Maypole dancing (

           Tis May!

         Tis May!


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Tis May! Tis May!
The Lusty Month of May!
When Everyone and Everything,
Goes Blissfully Astray!

Hylus Meets The Nymphs


May Day! What a glorious holiday. I think it’s a stinking shame that it’s not celebrated in The U.S. any more. It was still celebrated some when I was a kid. We would make little paper baskets, fill them with flowers and hang them on the door knobs of our neighbors, ring the door bell and then run and hide in the bushes. They would come out, professing great surprise and we would giggle. Then we usually got invited in and offered a goodie.


When my mother was a girl in San Francisco, May Day was a huge holiday. All the schools met in Golden Gate Park. There would be picnicking, dancing, games and of course dancing around the May Pole. In the evening, a huge bonfire was built and there would be a sing along with all of San Francisco’s school children. The sing along was always lead by some celebrity who might be in town. One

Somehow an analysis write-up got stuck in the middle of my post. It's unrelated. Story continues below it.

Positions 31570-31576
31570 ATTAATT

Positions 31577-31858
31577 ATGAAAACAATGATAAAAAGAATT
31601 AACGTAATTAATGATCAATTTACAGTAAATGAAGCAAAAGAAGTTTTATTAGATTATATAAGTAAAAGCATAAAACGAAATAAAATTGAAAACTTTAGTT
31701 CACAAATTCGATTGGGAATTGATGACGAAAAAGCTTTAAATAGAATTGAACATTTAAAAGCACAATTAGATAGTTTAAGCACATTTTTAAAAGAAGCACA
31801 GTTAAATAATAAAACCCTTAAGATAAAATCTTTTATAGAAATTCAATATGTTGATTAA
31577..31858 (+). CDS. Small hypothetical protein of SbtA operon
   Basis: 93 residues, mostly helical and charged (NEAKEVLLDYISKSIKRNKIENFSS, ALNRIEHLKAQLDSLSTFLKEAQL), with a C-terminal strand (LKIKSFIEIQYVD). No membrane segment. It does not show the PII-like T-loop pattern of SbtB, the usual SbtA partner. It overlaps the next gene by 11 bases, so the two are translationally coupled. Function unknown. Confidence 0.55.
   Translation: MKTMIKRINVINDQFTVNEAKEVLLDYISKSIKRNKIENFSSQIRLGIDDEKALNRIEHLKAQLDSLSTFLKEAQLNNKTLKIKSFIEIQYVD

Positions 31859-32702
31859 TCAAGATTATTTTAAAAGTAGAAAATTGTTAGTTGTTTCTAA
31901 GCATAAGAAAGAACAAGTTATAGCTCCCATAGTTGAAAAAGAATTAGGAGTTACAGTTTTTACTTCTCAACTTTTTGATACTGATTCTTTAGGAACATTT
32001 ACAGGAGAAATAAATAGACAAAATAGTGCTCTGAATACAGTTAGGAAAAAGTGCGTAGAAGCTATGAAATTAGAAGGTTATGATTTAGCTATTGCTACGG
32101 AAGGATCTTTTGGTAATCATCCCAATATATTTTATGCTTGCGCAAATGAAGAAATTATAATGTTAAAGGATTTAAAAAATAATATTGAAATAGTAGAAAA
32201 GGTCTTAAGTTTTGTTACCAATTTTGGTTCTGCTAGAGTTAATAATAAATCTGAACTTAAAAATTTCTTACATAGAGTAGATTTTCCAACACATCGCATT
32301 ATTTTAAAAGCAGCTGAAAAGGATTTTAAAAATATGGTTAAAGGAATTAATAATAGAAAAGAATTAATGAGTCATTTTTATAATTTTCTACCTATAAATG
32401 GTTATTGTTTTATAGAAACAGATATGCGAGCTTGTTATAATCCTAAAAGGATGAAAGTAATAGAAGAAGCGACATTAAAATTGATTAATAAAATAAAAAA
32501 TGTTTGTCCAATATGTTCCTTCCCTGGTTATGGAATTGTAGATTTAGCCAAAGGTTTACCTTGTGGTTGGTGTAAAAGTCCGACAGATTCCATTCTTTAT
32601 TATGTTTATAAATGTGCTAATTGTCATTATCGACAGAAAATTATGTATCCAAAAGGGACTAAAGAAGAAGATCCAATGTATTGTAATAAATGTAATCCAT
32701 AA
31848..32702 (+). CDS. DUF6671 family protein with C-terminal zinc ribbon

year that celebrity was the contralto, Madam Ernestine_Schumann-Heink. She was wearing a beautiful pair of shoe clips and my mother admired them. She bent down, removed one from her shoe and gave it to my mother. It, along with many other mementos that I have no other means of displaying, makes it’s annual showing on our Christmas Tree each year.